Marrying Trilby to Hans Christian Andersen, Pressburger's original script about a ballet dancer was written for Korda in the late 30s, but The Archers reclaimed it to create an allegory of art feeding off and ultimately destroying normal life, as Vicky Page achieves stardom under the impresario Boris Lermontov, but is then forced to choose by her composer husband, Julian, which leads to her death.
In the depths of post-war austerity, Powell and Pressburger were to carry their Technicolor crusade into even less fashionable territory with The Red Shoes. This time their backers were aghast at the lavish concentration of artistic forces, while critics were bemused by the perverse romanticism of a fairy-tale that ’comes true' and destroys its characters. Powell contributed his now formidable technical skills to the stylization of the film's two elements - the fantasy realism of its narrative outline and the realistic fantasy of its dance/dream episodes - employing a battery of techniques new and old. The Red Shoes was above all a work of creative collaboration between artists and technicians in many fields, on a scale rarely attempted in the cinema.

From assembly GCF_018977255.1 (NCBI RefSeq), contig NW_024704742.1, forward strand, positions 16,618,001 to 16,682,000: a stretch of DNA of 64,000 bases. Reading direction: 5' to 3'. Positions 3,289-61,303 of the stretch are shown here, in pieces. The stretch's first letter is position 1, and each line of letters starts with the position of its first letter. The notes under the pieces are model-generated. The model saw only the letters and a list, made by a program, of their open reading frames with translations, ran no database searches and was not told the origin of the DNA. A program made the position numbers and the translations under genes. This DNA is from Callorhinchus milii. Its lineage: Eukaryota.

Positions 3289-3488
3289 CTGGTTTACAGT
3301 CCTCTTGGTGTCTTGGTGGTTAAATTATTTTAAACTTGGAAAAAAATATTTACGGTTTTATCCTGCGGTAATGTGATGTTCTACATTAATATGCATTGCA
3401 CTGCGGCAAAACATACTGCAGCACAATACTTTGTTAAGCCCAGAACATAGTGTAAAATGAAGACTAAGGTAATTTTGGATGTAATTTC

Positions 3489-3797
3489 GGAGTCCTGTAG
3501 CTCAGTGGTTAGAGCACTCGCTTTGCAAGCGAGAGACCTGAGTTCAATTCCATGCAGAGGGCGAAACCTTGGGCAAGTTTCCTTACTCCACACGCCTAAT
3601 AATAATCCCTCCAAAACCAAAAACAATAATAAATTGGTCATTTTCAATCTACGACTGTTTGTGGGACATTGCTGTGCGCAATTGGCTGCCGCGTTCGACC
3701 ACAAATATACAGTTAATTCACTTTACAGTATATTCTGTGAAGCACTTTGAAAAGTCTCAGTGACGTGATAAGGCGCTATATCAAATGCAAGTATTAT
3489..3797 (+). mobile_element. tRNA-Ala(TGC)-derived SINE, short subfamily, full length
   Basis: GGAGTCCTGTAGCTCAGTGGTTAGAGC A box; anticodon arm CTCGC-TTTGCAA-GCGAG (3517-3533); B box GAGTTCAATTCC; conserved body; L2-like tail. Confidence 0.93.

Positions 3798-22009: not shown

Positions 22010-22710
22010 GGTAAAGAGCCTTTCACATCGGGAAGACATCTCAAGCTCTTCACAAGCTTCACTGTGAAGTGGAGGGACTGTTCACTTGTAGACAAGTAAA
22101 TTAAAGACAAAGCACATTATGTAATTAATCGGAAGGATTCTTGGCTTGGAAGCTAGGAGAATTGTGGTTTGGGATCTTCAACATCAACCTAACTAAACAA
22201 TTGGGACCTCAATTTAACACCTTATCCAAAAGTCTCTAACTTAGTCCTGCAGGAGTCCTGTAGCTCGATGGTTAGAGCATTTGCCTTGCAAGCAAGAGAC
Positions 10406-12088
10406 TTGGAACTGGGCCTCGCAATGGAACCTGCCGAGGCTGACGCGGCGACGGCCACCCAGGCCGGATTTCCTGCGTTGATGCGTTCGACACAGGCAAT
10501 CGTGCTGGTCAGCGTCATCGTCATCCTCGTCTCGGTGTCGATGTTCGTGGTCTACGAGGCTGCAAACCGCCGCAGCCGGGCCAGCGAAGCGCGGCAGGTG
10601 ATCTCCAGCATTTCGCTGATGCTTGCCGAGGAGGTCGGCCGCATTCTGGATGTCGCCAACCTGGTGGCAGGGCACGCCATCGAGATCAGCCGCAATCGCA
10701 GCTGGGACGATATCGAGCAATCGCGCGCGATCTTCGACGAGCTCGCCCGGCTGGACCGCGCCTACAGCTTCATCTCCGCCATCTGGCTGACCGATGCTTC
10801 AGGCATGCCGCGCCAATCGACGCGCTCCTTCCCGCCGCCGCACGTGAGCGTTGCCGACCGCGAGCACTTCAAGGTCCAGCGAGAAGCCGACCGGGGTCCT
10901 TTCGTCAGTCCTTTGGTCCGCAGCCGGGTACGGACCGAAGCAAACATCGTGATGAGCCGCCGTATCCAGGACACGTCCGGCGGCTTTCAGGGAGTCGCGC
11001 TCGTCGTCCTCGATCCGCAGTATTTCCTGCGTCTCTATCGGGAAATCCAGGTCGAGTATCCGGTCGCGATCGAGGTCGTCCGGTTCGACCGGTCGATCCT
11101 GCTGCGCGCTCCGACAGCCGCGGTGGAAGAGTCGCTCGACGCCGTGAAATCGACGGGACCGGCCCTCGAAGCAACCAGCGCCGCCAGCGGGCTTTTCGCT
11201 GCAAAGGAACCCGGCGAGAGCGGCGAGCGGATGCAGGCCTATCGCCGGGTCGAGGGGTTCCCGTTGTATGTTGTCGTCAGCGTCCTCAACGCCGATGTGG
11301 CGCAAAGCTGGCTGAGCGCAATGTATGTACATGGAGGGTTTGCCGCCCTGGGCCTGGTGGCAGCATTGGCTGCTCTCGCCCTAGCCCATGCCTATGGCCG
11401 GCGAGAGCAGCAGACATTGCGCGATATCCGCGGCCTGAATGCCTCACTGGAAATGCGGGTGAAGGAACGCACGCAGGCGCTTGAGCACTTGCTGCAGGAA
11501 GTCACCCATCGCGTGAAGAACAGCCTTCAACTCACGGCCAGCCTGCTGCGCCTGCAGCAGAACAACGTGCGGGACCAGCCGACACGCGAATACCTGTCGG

Ian Christie (Michael Powell & Emeric Pressburger: Arrows of Desire)